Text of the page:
U.S. Metropolitan Area Population Growth 1960-1990: Census Trends and Explanations
Frey, William H., and Alden Jr Speare. "U.S. Metropolitan Area Population Growth 1960-1990: Census Trends and Explanations." PSC Research Report No. 91-212. 5 1991.
This paper presents an assessment of 1980-90 metropolitan area growth patterns and their explanations, based on the analysis of recently released 1990 Census data. It contrasts the 1980s growth experiences of the nation's 284 metropolitan areas (CMSAs and MSAs) with their experiences over the two previous decades. It also compares their growth experiences between 1980-85 and 1985-90.
This three-decade review suggests something of a return to more traditional urbanization patterns. Nonmetropolitan area growth has dropped considerably while metropolitan area gains have increased. Large metropolitan areas, as a group, registered higher gains than smaller sized areas. Sunbelt region growth has slowed, particularly in small interior areas, and in the South. However, this interior growth slowdown is countered by continued strong growth of large and moderate sized metropolitan areas in the coastal portions of the Sunbelt. Finally, the extremely high rates of population loss sustained by northern central cities in the 1970s have become reduced or turned to gains in most cases.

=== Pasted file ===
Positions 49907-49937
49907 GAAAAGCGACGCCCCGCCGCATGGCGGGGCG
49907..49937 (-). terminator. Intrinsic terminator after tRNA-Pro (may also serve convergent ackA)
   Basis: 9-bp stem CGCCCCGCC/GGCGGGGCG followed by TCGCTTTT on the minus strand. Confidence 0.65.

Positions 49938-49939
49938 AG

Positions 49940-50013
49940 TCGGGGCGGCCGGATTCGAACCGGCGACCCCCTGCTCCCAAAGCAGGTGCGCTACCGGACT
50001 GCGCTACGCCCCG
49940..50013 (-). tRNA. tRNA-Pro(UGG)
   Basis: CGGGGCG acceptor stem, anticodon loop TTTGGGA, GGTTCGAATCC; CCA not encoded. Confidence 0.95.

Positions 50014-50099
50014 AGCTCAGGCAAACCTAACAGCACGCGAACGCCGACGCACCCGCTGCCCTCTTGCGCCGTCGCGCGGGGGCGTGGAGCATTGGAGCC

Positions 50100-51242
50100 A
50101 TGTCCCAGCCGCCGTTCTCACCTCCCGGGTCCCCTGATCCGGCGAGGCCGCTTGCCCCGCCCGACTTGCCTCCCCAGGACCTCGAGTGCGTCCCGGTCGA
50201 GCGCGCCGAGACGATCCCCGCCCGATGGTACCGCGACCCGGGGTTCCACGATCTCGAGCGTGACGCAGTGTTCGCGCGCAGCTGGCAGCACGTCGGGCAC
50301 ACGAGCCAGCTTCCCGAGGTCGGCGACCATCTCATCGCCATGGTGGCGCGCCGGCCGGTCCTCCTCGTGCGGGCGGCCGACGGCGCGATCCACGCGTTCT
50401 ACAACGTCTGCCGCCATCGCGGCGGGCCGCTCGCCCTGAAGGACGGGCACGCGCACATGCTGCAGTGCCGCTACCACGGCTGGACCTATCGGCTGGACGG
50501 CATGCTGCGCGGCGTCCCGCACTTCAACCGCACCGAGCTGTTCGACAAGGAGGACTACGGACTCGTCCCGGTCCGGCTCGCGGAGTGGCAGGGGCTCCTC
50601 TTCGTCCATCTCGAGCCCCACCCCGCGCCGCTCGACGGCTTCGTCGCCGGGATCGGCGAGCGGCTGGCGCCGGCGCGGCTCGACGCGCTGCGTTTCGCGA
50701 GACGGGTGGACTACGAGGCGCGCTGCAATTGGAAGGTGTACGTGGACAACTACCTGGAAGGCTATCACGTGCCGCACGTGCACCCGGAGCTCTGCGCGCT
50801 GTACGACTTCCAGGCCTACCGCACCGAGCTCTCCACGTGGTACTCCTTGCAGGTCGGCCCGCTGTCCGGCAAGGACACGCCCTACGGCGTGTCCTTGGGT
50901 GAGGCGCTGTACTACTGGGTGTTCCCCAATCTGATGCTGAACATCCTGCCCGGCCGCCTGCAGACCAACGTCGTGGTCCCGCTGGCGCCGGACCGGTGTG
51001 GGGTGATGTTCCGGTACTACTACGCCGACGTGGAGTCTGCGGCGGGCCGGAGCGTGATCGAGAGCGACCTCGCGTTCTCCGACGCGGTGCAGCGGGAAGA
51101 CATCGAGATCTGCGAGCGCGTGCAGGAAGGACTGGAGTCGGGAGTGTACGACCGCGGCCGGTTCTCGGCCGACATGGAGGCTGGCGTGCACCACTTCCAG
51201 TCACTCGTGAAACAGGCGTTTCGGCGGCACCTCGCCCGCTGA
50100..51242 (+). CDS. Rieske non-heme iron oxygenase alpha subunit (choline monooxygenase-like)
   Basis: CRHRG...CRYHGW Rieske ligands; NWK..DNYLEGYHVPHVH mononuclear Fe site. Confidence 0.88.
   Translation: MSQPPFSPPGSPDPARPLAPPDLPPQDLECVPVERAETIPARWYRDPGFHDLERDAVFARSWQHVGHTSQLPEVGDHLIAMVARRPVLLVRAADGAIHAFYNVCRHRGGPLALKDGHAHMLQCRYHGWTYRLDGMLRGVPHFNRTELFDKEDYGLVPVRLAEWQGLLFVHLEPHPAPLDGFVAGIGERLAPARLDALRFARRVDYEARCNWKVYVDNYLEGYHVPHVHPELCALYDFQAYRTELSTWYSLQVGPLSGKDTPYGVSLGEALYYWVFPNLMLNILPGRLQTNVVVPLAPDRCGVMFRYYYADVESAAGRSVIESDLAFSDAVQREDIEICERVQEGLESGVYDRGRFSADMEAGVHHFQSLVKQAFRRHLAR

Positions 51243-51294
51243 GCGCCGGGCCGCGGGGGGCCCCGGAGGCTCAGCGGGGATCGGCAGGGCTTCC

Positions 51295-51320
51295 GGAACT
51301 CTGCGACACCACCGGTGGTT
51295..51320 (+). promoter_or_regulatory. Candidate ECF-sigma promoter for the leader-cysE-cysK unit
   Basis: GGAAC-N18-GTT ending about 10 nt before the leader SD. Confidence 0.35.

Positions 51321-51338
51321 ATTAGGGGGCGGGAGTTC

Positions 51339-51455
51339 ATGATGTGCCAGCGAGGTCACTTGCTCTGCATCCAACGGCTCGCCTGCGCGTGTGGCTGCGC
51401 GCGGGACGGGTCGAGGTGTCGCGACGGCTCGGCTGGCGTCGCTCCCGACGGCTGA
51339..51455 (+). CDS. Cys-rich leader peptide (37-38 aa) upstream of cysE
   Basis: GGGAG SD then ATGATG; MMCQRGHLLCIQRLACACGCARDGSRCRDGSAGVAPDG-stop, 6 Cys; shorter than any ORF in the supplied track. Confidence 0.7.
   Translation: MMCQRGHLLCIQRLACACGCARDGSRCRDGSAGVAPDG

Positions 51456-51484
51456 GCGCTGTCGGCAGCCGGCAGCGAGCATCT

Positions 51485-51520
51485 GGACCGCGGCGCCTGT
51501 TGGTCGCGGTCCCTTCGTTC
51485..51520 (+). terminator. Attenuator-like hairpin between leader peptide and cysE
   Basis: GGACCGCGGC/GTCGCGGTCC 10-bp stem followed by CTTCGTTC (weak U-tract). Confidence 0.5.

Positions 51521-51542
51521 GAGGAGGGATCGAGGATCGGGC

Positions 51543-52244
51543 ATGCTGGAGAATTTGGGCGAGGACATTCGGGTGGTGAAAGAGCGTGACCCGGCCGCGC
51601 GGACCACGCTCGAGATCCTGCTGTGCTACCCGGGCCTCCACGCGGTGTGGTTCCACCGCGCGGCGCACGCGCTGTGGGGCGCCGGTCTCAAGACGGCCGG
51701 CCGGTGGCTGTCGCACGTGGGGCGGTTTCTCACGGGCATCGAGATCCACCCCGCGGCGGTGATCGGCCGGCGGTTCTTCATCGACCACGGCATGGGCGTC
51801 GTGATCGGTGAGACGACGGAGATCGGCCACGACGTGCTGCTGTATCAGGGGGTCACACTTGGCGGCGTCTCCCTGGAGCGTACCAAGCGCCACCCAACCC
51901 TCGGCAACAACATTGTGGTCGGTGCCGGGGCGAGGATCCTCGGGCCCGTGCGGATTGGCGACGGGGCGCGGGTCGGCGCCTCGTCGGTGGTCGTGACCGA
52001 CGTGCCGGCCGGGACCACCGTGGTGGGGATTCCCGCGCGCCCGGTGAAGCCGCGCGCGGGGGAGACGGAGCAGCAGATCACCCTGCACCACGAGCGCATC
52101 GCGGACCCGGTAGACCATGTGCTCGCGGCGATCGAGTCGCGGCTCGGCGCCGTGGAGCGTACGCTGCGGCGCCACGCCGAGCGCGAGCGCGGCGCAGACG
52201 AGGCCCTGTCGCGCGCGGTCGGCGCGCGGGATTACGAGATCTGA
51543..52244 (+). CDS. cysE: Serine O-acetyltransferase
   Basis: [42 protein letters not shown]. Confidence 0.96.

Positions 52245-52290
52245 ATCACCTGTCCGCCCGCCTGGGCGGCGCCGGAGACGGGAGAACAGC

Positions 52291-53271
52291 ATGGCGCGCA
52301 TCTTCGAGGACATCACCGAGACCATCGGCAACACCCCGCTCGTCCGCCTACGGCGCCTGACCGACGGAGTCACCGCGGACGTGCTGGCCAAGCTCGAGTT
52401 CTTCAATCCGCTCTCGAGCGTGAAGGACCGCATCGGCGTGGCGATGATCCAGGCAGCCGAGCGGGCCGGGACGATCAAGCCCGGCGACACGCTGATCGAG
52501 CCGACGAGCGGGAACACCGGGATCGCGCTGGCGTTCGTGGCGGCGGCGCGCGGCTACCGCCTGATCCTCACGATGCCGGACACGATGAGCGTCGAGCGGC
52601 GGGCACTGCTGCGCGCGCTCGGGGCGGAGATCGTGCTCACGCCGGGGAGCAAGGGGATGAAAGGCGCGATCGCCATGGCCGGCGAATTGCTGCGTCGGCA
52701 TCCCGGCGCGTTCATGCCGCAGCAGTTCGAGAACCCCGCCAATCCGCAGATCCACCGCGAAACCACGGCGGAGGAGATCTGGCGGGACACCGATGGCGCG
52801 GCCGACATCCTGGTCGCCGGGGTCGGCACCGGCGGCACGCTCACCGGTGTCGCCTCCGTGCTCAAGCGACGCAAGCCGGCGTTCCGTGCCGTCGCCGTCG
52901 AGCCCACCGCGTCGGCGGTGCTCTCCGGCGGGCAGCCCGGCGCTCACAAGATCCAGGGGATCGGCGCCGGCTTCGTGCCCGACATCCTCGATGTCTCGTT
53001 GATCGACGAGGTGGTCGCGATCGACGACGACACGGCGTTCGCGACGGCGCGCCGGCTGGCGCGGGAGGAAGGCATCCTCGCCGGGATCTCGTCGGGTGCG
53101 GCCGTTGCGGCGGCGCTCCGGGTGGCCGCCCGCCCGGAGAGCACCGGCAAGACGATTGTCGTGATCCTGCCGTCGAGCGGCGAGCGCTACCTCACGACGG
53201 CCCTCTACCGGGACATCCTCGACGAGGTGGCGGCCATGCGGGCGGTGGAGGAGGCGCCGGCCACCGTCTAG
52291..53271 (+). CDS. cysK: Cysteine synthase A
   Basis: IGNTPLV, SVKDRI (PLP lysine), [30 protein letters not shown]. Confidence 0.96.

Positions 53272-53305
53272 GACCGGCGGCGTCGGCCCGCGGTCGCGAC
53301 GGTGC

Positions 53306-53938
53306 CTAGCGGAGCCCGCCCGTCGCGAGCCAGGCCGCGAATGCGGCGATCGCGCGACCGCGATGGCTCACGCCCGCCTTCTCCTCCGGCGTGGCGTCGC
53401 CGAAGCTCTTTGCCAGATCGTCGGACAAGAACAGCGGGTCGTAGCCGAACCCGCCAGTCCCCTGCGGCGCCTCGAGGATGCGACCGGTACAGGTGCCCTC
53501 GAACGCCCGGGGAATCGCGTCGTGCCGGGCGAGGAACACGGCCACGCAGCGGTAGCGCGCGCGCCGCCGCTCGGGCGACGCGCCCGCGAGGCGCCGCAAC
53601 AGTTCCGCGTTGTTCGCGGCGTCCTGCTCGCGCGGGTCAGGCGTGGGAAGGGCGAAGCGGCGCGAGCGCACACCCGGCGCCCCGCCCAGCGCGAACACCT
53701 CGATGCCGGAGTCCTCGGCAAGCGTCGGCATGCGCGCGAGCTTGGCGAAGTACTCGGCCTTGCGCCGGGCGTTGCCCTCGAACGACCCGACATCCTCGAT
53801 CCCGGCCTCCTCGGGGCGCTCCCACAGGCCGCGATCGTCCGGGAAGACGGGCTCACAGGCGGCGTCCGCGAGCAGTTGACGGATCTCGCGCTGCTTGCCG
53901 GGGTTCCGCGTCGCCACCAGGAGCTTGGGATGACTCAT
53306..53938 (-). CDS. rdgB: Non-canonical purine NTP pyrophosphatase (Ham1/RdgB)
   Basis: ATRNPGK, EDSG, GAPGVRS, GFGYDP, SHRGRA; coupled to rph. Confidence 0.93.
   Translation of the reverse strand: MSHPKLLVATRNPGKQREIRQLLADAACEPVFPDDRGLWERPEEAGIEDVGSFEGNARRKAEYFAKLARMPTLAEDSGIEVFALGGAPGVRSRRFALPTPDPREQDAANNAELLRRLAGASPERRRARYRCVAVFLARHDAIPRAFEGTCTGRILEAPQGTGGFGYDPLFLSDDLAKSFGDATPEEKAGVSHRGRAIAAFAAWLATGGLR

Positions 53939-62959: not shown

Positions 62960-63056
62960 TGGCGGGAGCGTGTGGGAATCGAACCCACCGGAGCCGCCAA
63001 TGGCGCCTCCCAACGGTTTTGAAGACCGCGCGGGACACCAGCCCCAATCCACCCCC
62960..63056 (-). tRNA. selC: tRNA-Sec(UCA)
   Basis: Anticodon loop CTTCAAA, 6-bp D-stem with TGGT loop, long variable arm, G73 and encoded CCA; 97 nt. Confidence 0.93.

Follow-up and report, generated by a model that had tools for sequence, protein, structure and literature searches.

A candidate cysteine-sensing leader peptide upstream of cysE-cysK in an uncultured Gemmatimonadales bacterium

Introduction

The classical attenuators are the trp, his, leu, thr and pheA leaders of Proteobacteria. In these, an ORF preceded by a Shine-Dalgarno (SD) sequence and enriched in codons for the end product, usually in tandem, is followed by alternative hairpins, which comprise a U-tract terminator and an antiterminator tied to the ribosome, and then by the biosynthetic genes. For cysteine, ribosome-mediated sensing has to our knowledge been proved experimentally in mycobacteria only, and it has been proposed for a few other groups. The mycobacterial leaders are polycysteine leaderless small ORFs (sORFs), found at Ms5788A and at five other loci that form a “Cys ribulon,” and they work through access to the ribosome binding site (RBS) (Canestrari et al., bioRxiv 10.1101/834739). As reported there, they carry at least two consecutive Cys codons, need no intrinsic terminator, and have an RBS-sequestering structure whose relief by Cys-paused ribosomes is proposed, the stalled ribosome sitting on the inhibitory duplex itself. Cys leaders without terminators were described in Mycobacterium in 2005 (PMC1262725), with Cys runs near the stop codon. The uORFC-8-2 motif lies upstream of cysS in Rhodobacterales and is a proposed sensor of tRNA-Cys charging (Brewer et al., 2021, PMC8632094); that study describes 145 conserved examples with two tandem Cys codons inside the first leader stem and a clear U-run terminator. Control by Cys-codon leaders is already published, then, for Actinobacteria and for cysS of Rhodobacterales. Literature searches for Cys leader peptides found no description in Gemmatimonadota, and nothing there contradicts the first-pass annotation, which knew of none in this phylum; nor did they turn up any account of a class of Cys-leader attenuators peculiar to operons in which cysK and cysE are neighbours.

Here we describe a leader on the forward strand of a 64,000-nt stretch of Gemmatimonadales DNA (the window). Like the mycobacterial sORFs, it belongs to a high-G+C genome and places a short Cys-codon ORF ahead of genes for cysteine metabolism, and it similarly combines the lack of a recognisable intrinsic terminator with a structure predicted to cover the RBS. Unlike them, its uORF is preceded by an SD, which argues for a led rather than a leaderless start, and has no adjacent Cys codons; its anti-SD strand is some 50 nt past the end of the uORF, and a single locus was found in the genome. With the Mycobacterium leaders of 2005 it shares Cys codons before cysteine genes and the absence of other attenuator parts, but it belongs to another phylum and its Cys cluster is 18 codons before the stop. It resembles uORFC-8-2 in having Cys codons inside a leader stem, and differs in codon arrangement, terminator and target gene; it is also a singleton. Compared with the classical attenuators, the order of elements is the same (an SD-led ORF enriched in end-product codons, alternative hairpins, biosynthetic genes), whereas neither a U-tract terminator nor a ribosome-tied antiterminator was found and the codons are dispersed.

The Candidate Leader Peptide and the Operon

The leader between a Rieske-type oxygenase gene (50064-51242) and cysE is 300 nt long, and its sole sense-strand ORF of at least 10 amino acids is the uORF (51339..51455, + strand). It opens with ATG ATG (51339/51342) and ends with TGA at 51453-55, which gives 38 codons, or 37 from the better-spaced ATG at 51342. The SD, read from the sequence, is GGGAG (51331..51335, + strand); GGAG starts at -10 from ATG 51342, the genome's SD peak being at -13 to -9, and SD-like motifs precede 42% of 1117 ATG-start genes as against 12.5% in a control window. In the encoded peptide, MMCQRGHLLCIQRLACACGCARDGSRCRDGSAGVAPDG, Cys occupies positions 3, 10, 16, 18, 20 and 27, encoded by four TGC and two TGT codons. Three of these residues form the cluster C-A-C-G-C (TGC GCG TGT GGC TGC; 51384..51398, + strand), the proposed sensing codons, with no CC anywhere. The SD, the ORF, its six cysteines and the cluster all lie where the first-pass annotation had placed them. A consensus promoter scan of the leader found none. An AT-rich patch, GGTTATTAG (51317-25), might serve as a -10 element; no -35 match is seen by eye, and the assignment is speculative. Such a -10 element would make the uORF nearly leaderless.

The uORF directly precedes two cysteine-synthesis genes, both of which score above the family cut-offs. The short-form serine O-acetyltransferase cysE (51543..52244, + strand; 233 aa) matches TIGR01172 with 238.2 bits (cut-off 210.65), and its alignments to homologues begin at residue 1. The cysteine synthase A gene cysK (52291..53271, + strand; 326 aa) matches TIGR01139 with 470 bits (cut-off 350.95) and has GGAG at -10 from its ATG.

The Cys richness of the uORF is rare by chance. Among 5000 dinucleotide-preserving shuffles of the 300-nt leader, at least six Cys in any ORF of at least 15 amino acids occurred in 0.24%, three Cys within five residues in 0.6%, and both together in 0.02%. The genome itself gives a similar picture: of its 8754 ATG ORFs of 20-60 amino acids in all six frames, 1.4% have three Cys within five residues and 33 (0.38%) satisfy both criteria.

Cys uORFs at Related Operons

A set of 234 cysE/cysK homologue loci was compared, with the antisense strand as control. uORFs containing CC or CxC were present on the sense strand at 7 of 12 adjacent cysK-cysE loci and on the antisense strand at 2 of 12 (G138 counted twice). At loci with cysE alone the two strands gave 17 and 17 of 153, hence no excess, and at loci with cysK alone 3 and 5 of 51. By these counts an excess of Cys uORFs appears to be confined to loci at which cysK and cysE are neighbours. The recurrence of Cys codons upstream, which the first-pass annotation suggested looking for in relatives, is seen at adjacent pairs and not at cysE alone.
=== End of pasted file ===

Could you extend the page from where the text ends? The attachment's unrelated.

These 1980s tendencies toward greater reurbanization have become more accentuated in the last half of the decade. The 1980-85 to 1985-90 comparisons show higher levels of growth for the nation's largest metropolitan areas. There was also a small revival of growth for several midwest and rustbelt metropolitan areas that sustained declines in the 1970s and early 1980s. However, the shift to slower growth in the South and West regions was also accentuated in the latter part of the 1980s.
These 1980s trends toward large metropolitan gains, small metropolitan declines, and interior region growth slowdowns are reminiscent of urbanization patterns in the 1960s. They also tend to confirm that both the "period" and "regional restructuring" explanations of the past two decades' redistribution patterns hold more validity than the "deconcentration" explanation, which forecasted a continued dispersal of the national population.